Scientists found that 94% of the food that Carolina wrens eat comes from animals (mostly insects) and 6% comes from plants (mostly seeds and fruit). Caterpillars and moths, bugs, beetles, grasshoppers, crickets, cockroaches, spiders, ants, bees, and wasps were the most common animal foods that Carolina wrens ate. Bayberry seeds, sweet gum, poison ivy, sumac, acorns and weeds were some of the plant foods that Carolina wrens ate. (Cornell Lab of Ornithology, 1999; Haggerty and Morton, 1995; Hill Collins, Jr. and Boyajian, 1965)

  • Animal Foods
  • amphibians
  • reptiles
  • insects
  • terrestrial non-insect arthropods
  • mollusks
  • Plant Foods
  • seeds, grains, and nuts
  • fruit

What eats them and how do they avoid being eaten?

Birds such as blue jays, Cooper's hawks and sharp-shinned hawks are the most likely predators of adult Carolina wrens.

Carolina wren eggs and nestlings are eaten by raccoons, black rat snakes, gray squirrels, mink, gray foxes and eastern chipmunks.

When predators come near, Carolina wrens may call in alarm or chase after the predator, sometimes pecking at it. (Haggerty and Morton, 1995)

What roles do they have in the ecosystem?

Carolina wrens affect the populations of the insects and spiders they eat, and provide valuable food for their predators. They compete with other cavity-nesting species for nest sites. They also provide habitat for various parasites, including mites, lice, ticks, and blowfly larvae. (Haggerty and Morton, 1995)

Commensal or parasitic species (or larger taxonomic groups) that use this species as a host

Do they cause problems?

There are no known negative effects of Carolina wrens on humans.

How do they interact with us?

We do not know of any way in which Carolina wrens affect humans.

Are they endangered?

Carolina wrens are very adaptable and are able to live in many different habitats. This ability has helped Carolina wrens to remain common and widespread. There are about 17,000,000 Carolina wrens in the world.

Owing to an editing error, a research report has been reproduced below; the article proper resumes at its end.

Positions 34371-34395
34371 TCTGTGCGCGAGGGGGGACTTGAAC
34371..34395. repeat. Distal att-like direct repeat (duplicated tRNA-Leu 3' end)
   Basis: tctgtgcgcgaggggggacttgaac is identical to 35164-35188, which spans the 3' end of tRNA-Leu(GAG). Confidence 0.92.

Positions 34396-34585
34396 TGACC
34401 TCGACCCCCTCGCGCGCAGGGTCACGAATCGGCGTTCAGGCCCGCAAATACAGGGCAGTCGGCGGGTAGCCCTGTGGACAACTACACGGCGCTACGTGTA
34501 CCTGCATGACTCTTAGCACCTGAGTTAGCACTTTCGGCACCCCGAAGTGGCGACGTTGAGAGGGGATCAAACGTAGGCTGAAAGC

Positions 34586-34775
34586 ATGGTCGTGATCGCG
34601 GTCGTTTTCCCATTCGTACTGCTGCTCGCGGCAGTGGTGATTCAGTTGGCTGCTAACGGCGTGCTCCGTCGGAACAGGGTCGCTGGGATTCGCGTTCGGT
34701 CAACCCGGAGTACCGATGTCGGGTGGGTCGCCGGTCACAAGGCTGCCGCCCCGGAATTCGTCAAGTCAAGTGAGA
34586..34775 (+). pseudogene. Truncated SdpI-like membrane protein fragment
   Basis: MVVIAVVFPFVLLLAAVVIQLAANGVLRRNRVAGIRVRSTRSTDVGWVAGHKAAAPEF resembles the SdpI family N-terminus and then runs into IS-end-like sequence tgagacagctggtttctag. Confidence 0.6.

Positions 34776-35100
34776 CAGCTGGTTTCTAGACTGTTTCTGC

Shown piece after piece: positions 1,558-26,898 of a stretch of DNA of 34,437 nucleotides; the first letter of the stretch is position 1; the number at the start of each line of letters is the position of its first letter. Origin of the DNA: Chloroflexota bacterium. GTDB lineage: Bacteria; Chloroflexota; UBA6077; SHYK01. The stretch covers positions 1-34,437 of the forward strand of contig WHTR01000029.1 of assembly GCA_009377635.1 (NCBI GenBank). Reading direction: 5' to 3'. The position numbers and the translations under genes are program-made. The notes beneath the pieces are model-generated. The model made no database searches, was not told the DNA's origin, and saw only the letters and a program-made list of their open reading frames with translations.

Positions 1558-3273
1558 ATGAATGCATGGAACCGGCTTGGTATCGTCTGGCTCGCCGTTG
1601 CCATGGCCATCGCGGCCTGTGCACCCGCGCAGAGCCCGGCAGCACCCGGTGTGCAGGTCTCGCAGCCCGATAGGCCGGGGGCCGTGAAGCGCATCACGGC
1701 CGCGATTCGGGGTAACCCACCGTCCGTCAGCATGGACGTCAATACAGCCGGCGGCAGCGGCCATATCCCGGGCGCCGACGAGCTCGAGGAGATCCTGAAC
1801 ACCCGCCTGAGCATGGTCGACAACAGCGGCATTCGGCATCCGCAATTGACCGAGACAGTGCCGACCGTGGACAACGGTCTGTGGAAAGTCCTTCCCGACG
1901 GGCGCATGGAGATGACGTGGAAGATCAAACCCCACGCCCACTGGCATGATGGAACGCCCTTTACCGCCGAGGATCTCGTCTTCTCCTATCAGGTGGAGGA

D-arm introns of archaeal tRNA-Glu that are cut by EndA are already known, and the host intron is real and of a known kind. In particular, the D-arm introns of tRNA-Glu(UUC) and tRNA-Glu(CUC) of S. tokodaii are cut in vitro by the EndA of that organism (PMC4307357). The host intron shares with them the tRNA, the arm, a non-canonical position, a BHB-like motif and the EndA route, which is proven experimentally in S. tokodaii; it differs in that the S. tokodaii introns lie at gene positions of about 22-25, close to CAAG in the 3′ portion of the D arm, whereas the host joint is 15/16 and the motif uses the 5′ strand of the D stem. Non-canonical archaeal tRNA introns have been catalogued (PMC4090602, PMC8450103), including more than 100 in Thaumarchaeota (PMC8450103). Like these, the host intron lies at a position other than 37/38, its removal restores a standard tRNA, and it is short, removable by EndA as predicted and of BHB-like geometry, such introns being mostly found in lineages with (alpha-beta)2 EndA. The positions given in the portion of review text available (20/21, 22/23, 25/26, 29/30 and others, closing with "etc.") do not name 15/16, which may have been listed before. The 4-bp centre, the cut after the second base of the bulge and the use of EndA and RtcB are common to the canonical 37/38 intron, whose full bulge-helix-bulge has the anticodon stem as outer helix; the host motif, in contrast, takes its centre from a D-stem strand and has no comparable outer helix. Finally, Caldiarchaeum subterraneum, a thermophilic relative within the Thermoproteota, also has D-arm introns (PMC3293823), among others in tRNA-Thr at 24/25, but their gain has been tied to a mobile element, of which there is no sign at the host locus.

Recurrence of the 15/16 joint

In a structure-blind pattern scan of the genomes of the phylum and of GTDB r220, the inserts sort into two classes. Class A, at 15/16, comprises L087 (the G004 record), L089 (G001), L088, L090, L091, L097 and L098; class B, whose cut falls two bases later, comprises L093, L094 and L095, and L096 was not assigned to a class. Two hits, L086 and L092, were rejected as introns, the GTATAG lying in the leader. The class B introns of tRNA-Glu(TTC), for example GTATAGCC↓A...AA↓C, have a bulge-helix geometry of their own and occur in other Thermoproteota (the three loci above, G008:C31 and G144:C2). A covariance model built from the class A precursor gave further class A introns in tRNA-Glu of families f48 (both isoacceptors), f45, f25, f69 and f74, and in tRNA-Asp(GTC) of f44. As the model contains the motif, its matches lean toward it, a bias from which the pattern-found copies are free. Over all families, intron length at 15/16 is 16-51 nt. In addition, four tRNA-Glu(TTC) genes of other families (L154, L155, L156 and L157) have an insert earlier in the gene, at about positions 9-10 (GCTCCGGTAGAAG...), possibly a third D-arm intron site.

Humans do help Carolina wrens in the northern part of their range where harsh winters can kill a lot of birds. In northern areas, people build nest boxes that the wrens can use for roosting and nesting. (Haggerty and Morton, 1995)

Some more information...

Contributors

Kari Kirschbaum (author, editor), Animal Diversity Web.

Meredith Kurpinski (author), University of Michigan-Ann Arbor, Phil Myers (editor), Museum of Zoology, University of Michigan-Ann Arbor.

References

Cornell Lab of Ornithology, 1999. "Carolina Wren (Thryothorus Ludovicianus)" (On-line). Accessed March 14, 2001 at http://birds.cornell.edu/birdhouse/speciesaccounts/CAROLINAWREN.htm.

Haggerty, T., E. Morton. 1995. Carolina Wren (Thryothorus ludovicianus). Pp. 1-20 in A Poole, F Gill, eds. The Birds of North America, Vol. 188. Philadelphia, PA: The Academy of Natural Sciences, and Washington, DC: The American Ornithologists' Union.

Hill Collins, Jr., H., N. Boyajian. 1965. Familiar Garden Birds of America. New York: Harper & Row, Publishers, Inc.

Sauer, J. 1997. "USGS: Science For a Changing World, Patuxent Bird Population Studies - Carolina Wren" (On-line). Accessed March 14, 2001 at http://www.mbr-pwrc.usgs.gov/id/framlst/i7180id.html.

 
University of Michigan Museum of ZoologyNational Science Foundation

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Kurpinski, M. 2001. "Thryothorus ludovicianus" (On-line), Animal Diversity Web. Accessed October 24, 2014 at http://www.biokids.umich.edu/accounts/Thryothorus_ludovicianus/

BioKIDS is sponsored in part by the Interagency Education Research Initiative. It is a partnership of the University of Michigan School of Education, University of Michigan Museum of Zoology, and the Detroit Public Schools. This material is based upon work supported by the National Science Foundation under Grant DRL-0628151.